By Tony Barthel
I had originally planned to do a review of the smallest and then the largest of Airstream’s Bambi line of travel trailers to sort of compare and contrast what you get in the larger body. But then I noticed that Airstream’s Caravel line of trailers is essentially the same configuration and capability as the Bambi (which I reviewed last week) but at a much, much higher price.
Like the Bambi, the 2021 Airstream Caravel is a line of four single-axle trailers that continue the traditional aluminum shape and style that was pioneered in 1931 and continues to this day. Some of the many advantages of the Airstream brand include probably a better resale value just because an Airstream looks like an Airstream and is unmistakably an Airstream.
How many times can I write “Airstream” in one sentence?
So what’s the difference between the Airstream Caravel and the Bambi?
If you take the similar floor plan in the Bambi model, there are actually some substantial differences between it and the Caravel equivalent.
One of those is the rock guard on the outside front of the trailer. It is part of the iconic look of an Airstream and protects the main shell. The Bambi, if you’ll recall, simply puts a protective film on the front of the main body shell.
There is also a better climate control system featuring what the company calls their “Quietstream™” ducting system. But even more, the system is based on a heat pump which can actually heat the interior using electricity. It is more of what you’ll find in a modern house. This type of technology also works as an air conditioner.
The Caravel also features an in-bumper storage tray which is a nifty feature I’ve liked in Airstream trailers I’ve seen.
The kitchen, too, gets upgrades in the form of a much higher quality feeling three-burner stove top with cast grates. You can also get this with a convection microwave, which I would recommend considering the lack of an oven of any sort.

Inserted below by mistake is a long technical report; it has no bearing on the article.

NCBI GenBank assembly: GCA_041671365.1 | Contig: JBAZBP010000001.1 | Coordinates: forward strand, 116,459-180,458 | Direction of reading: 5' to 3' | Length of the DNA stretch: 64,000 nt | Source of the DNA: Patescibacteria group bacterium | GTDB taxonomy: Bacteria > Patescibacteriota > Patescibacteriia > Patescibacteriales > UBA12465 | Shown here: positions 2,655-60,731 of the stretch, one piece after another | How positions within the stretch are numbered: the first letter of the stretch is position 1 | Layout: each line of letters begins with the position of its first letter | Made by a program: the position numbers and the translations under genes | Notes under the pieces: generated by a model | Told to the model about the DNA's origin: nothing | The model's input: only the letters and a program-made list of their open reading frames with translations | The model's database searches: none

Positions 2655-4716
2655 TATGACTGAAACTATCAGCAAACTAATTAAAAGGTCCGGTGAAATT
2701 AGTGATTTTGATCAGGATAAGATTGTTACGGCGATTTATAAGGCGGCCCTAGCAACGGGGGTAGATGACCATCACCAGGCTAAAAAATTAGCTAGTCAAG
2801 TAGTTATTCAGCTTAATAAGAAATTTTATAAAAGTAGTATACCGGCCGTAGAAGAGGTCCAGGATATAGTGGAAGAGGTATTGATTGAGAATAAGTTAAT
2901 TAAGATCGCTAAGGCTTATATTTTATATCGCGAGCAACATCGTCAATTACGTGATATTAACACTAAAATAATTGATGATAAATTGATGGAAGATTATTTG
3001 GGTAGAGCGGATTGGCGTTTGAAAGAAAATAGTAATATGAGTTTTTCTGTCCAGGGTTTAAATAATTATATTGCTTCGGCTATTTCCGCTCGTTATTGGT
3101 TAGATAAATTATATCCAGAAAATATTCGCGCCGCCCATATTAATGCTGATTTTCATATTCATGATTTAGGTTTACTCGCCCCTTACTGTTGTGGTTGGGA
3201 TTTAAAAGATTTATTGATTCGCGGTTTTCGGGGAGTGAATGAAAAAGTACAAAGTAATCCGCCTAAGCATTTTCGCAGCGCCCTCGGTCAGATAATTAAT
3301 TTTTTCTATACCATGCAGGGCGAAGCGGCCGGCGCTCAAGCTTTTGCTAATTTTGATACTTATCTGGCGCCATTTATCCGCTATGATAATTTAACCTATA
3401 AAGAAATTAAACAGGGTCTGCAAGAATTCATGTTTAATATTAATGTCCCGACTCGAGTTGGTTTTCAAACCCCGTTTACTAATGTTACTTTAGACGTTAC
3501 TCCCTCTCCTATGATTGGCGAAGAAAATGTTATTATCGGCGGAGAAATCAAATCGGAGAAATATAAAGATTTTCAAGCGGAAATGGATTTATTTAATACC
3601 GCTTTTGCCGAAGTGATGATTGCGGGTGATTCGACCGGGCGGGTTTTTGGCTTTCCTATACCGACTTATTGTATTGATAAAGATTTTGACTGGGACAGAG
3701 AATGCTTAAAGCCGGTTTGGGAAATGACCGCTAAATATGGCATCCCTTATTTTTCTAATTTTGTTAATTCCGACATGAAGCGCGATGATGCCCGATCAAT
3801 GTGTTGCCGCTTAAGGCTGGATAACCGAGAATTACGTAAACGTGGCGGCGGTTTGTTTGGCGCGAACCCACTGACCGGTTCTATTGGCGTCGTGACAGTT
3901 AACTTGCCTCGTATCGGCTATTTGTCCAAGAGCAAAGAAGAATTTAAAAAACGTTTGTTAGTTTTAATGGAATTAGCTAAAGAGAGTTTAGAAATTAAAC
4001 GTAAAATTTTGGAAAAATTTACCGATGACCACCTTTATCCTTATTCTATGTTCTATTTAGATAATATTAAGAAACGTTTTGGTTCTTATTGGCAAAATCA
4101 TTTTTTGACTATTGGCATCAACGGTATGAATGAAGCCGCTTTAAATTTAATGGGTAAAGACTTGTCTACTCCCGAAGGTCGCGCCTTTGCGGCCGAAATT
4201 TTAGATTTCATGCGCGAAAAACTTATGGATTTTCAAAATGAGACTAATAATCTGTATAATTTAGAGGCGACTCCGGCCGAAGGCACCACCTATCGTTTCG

The Caravel has a nicer interior appearance
One of the areas that will be immediately apparent is the upgraded interior appointments including different materials such as “Ultraleather®” upholstery and a wood grain look to the wall paneling. It is a nicer appearance, of course, but really should be for a $13,300 difference in price.
Another great feature is manual awnings over the road side of the trailer as well as over the rear of the trailer. These are a nice touch. I was surprised this weekend after not having an awning on my trailer how much of a difference just the camp-side awning made in keeping the trailer cool in the sun. So I can imagine one on the rear and road side would likewise be a nice benefit.
The on-demand water heater is a great feature
Some of the other things that really stand out as useful features that you don’t see very often include the on-demand water heater. These are nice because they can continually heat the water so you don’t run out, rather than providing a specific amount of hot water. Obviously you’re limited by tank sizes, but it’s still a plus feature.
The thing I might like the best, which the Airstream Caravel trailer shares with the lesser Bambi model, is the SeeLeveL™ tank monitor. Rather than having probes in the tank like most RVs use and providing only a few lights to indicate tank use, the SeeLeveL system has sensors outside the tank. They provide readings in 1 percent increments, and the sensors don’t get fouled by what’s in the tank. It’s a great system.